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"Plastic Free MV" and the Plastic Bottle Bylaw

Consistent with the objectives of the VCS "Take Back the Tap" initiative, a student group at the West Tisbury School has taken an ambitious step toward reducing the waste associated with disposable plastics. Led by teacher and adviser Annemarie Ralph, the fifth and sixth grade students of "Plastic Free MV" have created a bylaw that would ban the sale of many types of single-use plastic bottles. Deciding that the best strategy was to start close to home before taking the bylaw Island-wide, the students have placed the bylaw on the Town Meeting warrants in just the three towns in which they live: West Tisbury, Chilmark, and Aquinnah. 

In short, the proposed bylaw would ban the sale of water and soft drinks packaged in plastic bottles sized 1 liter and under. Though that is a broad category of items, there is a similarly broad collection of alternatives available: single-serving drinks are available in aluminum cans and glass bottles (as well as other non-plastic packaging), and bottled water in larger sizes would still be allowed. Limiting a ban to smaller size packages is a sensible measure for waste reduction because there is considerably less plastic used in a large jug than in the equivalent number of single-serving bottles. 

Disposable water bottles have already been banned in several cities and towns across the nation, including four in Massachusetts (Concord, Sudbury, Lincoln, and Great Barrington). However, the bold kids of Plastic Free MV are aiming even higher: their measure would be the first in the nation to also ban single-serving plastic bottles of soda. It's a bold move, and an exciting accomplishment for the kids. But to pass at Town Meeting, Plastic Free MV needs your vote! 

Town Meeting Info

West Tisbury
April 9, 7:00 pm
Chilmark
April 22, 7:00 pm

Aquinnah
May 14, 7:00 pm


a list created by Plastic Free MV


The Plastic Free MV kids get a lesson in parliamentary procedure from Dan Waters, 
West Tisbury Town Meeting Moderator 


Thoughts from the Vineyard Conservation Society on the Plastic Free MV Bylaw 


This bylaw to reduce disposable plastics in our waste stream is an opportunity for our community to lead the nation. It's a watershed moment that every voter can be excited to be a part of – the beginning of a real change in our relationship with plastic, and a broader culture of consumerism. The students of Plastic Free MV have been working on this effort for months, and they are optimistic that it will have ripple effects far and wide.  

The bylaw addresses small, single-use containers (those less than 34 ounces in size). It does impact businesses – like restaurants, stores, caterers – that vend plastic water or soda bottles, and we are sympathetic to their concerns about the challenges of switching. It will go into effect next year, in order to give businesses time to choose suppliers for the new products.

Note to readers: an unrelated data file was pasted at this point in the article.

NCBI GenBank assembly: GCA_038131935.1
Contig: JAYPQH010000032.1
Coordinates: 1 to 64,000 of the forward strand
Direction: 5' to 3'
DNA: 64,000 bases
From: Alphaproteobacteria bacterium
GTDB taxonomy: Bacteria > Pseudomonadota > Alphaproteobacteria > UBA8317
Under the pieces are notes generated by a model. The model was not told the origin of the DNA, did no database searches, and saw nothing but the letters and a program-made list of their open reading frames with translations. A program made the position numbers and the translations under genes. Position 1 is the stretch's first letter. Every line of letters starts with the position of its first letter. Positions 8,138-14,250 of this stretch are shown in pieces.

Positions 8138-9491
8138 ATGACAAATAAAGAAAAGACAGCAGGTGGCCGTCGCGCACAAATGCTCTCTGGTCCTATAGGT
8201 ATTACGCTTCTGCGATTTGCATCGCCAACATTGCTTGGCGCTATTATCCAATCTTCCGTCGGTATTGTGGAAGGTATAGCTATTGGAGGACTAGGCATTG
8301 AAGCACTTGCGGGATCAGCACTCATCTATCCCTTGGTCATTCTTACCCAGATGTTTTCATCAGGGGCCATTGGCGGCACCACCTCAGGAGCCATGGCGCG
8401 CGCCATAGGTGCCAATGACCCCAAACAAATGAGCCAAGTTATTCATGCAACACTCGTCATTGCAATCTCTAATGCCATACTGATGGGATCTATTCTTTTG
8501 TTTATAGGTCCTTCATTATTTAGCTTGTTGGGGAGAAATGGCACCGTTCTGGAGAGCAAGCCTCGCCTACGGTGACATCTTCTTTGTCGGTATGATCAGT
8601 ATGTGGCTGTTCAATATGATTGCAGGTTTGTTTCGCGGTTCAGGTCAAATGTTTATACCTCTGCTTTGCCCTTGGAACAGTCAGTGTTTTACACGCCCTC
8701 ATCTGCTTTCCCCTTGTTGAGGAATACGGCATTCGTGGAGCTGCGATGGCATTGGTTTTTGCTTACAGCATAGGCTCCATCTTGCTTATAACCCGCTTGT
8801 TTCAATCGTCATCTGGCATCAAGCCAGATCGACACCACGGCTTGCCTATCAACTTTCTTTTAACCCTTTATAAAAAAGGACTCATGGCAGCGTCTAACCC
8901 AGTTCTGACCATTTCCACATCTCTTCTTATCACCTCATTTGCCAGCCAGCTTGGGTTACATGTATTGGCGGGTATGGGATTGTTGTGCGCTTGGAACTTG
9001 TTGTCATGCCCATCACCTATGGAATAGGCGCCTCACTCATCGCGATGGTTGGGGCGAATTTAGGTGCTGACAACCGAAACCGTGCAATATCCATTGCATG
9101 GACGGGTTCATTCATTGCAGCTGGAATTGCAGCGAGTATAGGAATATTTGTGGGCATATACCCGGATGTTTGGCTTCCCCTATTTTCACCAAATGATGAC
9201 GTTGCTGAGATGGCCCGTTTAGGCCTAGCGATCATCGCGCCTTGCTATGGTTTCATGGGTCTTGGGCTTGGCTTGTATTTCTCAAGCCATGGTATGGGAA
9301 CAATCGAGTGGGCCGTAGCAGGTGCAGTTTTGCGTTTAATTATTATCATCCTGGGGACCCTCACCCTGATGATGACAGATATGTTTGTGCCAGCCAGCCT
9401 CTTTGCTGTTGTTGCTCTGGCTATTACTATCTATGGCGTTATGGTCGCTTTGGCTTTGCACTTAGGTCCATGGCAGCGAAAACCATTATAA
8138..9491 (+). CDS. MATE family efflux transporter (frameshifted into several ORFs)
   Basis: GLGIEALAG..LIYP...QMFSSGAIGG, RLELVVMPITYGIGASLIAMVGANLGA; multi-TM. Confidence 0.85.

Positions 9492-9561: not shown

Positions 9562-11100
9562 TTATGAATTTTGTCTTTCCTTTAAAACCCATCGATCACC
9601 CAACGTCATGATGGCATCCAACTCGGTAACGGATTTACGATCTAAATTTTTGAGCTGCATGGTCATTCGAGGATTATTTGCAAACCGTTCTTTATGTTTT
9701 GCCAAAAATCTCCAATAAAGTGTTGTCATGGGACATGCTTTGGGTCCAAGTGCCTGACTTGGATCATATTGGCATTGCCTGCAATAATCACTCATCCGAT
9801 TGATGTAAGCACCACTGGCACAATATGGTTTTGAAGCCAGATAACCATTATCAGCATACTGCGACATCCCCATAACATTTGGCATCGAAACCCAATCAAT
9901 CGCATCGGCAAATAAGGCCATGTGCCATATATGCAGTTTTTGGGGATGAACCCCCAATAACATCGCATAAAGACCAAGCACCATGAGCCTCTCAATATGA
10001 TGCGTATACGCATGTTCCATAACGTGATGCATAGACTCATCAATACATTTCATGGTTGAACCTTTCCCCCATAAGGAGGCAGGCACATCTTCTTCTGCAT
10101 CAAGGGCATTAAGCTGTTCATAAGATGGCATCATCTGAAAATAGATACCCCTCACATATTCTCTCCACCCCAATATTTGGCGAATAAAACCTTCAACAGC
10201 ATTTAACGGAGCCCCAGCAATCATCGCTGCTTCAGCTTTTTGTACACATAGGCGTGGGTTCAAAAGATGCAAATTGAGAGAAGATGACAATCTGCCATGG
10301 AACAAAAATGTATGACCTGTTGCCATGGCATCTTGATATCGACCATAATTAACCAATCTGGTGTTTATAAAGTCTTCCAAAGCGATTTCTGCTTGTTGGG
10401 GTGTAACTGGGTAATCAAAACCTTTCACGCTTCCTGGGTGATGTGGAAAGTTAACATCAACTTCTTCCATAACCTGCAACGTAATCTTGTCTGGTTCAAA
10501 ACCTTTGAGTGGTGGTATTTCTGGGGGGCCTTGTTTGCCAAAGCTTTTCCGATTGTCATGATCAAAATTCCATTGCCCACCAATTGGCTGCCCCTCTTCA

The immediate result will be that we change for the better the containers we use for water and other beverages. Reliance on single-use plastic bottles for soda and water will give way to more sustainable, more recyclable containers like aluminum, glass, and cardboard. That will be a good thing. 

But it also sends a strong message about embracing a sustainable future for kids and their families. VCS has been working to bring about this more sustainable, less disposable approach to living through the installation of water bottle refill stations across the Island. Free, chilled and filtered water is now available at more and more public places, with the continually-updated “Tap Map” of locations available as an online guide. 

Students see that they are part of a larger effort on the Island and nationally. Reusable water bottles are now as ubiquitous as backpacks in our schools  the next generation will expect quality drinking water to be freely available. Beyond the kids at West Tisbury School, other student groups across the Island are pursuing their own grassroots efforts to reduce waste, which we also heartily applaud. 

These students’ goal in offering this bylaw is to inspire, not harm. Businesses are free to offer larger bottled beverages in plastic, and small, single-serving beverages in glass, metal or any other material than plastic. And, of course, in the event of a hurricane or other public emergency, water of any size would be allowed. 

So come to your town meeting and add your voice of support for a more sustainable future!

--Brendan O'Neill, VCS Executive Director